Friday, January 11, 2013

January's Pintests and Reviews!

Last month, I posted my first batch of pin-tests and reviews. It went over pretty well with you readers so I decided this kind of post will make a monthly appearance here on C.C.! Back story: I am addicted to Pinterest (here are my boards) and each week, I try out at least a couple of the recipes/projects I pin. This is a chance for me to share with you 3 honest stories about how these pintests went and my thoughts on the recipe or project. So far this January, I've been obsessed with homemade bread and stuff you slather on said bread. Here we go!

Almond Butter

I've wanted to make almond butter for the longest time. Luckily for me, Mr. J's sister knows us well: part of our Christmas gift was a Wegmans' gift card. That was all the impetus I needed to buy almonds in bulk. At Weggie-Weggie-Wegmans, the whole raw almonds were $6.99/lb. I bought 1.130 lbs. of almonds for $7.90. It was rather painful to shell out that much for some nuts, but they have stretched far in the last two weeks! I had enough left over after trying this pin for snacking and another experiment that I'll disclose soon! I will be investigating prices now that I'm interested in buying almonds more regularly.

Anyhow, I found this recipe from My New Roots that insisted the only thing I needed to make almond butter was almonds. At first, I thought Sarah B. was cray cray! I was under the assumption you needed some sort of oil to facilitate the smooth factor. FALSE, friends, false.

As per Sarah's instructions, I placed enough raw almonds on an ungreased baking sheet to cover it in one layer. I strayed a bit from her instructions and roasted the almonds in the oven at a higher temp for a shorter time: 350 degrees for 12ish minutes. As soon as you can smell those bad boys, they're done! If you want to be extra sure, follow Sarah's example: see if the almond is golden inside instead of white.


The second step is to put your roasted almonds in a food processor. I almost made the mistake of overstuffing my small processor. At first, I dumped all the almonds in there and the damn thing wasn't doing much. DUH, Danni: do it in batches. It was a face-meet-palm moment. After about 5 minutes of blending the oils released and I made the smoothest almond butter I could have imagined!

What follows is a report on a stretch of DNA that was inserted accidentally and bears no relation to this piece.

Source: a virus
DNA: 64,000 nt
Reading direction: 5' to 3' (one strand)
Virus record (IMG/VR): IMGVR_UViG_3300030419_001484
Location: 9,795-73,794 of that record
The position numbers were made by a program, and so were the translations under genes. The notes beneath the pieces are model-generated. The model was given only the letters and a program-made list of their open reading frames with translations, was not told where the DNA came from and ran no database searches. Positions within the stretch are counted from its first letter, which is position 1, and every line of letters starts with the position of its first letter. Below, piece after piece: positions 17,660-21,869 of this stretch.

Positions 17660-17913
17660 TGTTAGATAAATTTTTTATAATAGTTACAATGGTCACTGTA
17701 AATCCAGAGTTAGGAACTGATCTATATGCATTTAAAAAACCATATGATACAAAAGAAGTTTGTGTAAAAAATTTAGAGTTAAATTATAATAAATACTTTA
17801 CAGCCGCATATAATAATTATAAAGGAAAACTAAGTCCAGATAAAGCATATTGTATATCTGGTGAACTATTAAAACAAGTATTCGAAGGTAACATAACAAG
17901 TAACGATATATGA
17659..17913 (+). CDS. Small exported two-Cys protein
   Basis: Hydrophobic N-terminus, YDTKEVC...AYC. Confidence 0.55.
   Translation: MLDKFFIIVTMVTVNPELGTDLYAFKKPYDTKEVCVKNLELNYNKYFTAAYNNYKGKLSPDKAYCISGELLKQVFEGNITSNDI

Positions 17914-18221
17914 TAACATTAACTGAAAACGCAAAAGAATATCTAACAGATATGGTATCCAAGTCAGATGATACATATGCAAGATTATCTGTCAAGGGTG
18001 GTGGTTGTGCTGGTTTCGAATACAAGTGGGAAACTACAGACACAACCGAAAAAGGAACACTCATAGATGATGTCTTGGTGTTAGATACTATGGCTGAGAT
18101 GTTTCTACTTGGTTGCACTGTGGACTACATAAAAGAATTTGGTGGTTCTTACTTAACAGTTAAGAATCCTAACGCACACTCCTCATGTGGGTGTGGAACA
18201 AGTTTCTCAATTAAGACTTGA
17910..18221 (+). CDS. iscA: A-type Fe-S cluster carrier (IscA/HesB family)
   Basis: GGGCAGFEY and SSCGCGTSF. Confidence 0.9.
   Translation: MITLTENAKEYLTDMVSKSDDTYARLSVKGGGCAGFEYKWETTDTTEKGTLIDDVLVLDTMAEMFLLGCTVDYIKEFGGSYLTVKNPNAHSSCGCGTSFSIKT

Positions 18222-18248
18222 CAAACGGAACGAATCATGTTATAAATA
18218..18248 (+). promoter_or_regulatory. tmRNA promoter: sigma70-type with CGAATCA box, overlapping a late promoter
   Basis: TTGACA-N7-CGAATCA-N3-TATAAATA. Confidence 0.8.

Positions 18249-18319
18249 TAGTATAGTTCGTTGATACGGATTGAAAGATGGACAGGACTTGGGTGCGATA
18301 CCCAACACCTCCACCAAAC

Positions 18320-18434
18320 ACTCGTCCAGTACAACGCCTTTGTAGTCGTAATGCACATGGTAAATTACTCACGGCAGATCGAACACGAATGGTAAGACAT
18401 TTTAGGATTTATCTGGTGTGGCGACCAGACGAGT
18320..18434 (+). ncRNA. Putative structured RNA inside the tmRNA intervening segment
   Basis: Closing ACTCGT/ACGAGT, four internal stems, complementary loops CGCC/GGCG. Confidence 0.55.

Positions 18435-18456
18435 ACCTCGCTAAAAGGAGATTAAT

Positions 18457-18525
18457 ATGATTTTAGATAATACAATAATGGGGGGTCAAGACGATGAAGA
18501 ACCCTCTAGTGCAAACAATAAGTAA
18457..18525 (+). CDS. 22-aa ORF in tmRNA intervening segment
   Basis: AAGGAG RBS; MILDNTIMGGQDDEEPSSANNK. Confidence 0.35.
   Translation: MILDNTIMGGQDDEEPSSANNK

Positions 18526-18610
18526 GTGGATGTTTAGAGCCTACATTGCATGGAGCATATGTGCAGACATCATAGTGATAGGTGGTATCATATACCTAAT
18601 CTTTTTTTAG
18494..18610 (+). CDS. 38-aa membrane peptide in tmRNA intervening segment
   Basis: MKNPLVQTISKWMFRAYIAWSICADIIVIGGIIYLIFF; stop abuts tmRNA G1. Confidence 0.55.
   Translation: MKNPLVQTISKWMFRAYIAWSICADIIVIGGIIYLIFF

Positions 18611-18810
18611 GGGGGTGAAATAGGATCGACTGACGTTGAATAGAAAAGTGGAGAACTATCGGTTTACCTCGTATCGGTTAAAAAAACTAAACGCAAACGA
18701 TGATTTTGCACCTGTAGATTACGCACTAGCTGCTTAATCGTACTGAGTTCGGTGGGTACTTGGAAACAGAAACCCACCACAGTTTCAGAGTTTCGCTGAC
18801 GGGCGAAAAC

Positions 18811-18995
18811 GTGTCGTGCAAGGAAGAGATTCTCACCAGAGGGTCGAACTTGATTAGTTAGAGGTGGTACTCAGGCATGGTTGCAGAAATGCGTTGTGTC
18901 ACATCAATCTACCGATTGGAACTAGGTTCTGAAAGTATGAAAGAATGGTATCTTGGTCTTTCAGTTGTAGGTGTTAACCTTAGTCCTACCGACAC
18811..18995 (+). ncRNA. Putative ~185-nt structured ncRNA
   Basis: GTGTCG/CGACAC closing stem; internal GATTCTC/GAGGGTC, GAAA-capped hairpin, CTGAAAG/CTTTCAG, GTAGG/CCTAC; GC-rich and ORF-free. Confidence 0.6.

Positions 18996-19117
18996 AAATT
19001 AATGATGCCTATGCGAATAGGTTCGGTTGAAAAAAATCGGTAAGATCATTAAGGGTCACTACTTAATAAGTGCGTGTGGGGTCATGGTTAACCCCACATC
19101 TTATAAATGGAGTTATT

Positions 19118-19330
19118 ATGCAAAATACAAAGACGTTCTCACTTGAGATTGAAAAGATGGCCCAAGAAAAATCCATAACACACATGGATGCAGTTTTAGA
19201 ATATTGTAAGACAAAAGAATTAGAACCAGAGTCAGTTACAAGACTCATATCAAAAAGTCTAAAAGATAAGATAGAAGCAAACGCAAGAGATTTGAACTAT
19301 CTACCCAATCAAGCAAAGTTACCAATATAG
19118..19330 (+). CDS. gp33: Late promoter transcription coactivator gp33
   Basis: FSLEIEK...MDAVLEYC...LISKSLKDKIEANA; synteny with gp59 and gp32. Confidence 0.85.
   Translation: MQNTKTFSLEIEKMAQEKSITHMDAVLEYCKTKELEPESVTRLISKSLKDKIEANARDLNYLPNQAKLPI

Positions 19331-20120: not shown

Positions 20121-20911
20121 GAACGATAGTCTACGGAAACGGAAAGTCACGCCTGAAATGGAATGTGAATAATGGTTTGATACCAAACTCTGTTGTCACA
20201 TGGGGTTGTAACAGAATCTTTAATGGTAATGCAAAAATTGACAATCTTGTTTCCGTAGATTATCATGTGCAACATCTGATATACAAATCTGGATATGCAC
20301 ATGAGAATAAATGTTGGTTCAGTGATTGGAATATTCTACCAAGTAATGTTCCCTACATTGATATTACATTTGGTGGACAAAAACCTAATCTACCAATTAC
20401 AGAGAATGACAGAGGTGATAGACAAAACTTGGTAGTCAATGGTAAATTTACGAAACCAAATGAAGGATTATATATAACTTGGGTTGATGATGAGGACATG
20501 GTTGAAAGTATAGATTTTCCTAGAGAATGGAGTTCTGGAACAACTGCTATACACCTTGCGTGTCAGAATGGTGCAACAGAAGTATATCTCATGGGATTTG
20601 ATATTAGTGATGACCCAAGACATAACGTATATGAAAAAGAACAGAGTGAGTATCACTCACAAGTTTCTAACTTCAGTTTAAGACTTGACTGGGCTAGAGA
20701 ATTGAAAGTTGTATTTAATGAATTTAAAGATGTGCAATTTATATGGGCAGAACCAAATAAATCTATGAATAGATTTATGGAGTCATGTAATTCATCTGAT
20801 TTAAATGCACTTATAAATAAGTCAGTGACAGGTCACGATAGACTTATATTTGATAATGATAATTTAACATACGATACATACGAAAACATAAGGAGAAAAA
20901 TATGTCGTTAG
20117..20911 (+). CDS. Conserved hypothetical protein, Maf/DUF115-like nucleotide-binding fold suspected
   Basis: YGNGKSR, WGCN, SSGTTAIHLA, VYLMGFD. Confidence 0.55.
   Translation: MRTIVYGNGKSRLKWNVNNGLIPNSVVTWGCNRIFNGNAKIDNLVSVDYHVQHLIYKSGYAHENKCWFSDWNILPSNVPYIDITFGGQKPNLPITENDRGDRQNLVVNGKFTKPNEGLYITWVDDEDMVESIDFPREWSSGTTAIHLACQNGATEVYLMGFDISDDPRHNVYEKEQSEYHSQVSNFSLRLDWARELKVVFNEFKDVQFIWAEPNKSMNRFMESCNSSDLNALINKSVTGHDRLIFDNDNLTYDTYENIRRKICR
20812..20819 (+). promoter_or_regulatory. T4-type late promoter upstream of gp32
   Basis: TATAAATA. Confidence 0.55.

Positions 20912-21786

This stuff is the bomb! I cannot get enough of it. I can't believe how easy it was to make my own almond butter. Now I feel like an idiot for even considering buying the $10 jar of the pre-made stuff. I used roughly $5.50 worth of raw almonds to make 2 cups of butter, which is pretty damn near equivalent to the amount you get in that expensive jar. Can I get a WAHOO for saving some major moolah?!


Would I make this again: SHIT YES. I am actually dreading to day I run out of it. I need to get into squirrel mode and locate some reasonably priced nuts and store them. No one else gets my nuts!


Whole Wheat Bread

How's bouts some bread to go with that almond butter? For awhile I was put off from making bread because all the recipes I found were SO confusing, complicated, and time consuming. That is, until I found this recipe at Allrecipes.com. People who make bread on a regular basis aren't messing around! This recipe makes FOUR loaves! Who the heck has FOUR bread pans just sitting around waiting to be used?? I had to go buy a SECOND one just so I could make half this recipe. Thankfully, allrecipes.com has an little app that lets you readjust the serving size. But, be forewarned: while the ingredients amounts change, the instructions do not reflect those changes! I baffled myself to the point of messing the brown sugar mix enough that I have to start it over. Thankfully, that wasn't that hard or costly to do. Just be more careful than I was!

I found the recipe itself very easy to follow and there wasn't that much hands-on time. The bread is soft and has a lot of flavor! I wrapped the second loaf in 3 layers of aluminum foil and froze it for next week. Here's to not having to bake bread two weeks in a row!


Would I make this again? YES, absolutely! Next time I make this, I will crunch the numbers to determine how my loaves compare to store-bought whole wheat bread. I have a feeling this recipe is both a money saver AND a way to eliminate some preservatives from your diet.


Blender Butter

Lastly, how about some real butter to go with the bread and almond butter? Ha.

I've made butter at home before and I really enjoyed shaking the cream in a jar (talk about an arm workout). I did not, however, enjoy having to use my hands to squish the butter on a cutting board with my hands. That was so disgusting. Hence, I got pretty excited when I saw these instructions over at One Good Thing by Jillee to make butter in your blender!

The process was really easy: pour some cream in your blender and let that baby go until the fat pulls together and you can pour out the buttermilk. You then rinse the butter by adding a bit of water to the blender, pulsing, and draining the water. I did that about 5 times. Then, I simple scooped the butter onto a paper towel-lined piece of plastic wrap, wrapped the butter into a little tube and applied pressure to release the excess water! Unroll, remove paper towels, and put your butter in a butter dish. 

This dish was FULL of butter from using a pint of cream :) I don't always go out of my way to make my own butter, but when I do, I feel great for avoiding the salt and preservatives found in store butter. Mr. J and I are trying to find a local farm to get cream from....We'll keep you posted on that adventure :)


Would I make this again? TOTALLY! I get a huge amount of satisfaction from making butter. It's a little strange.

Enjoy!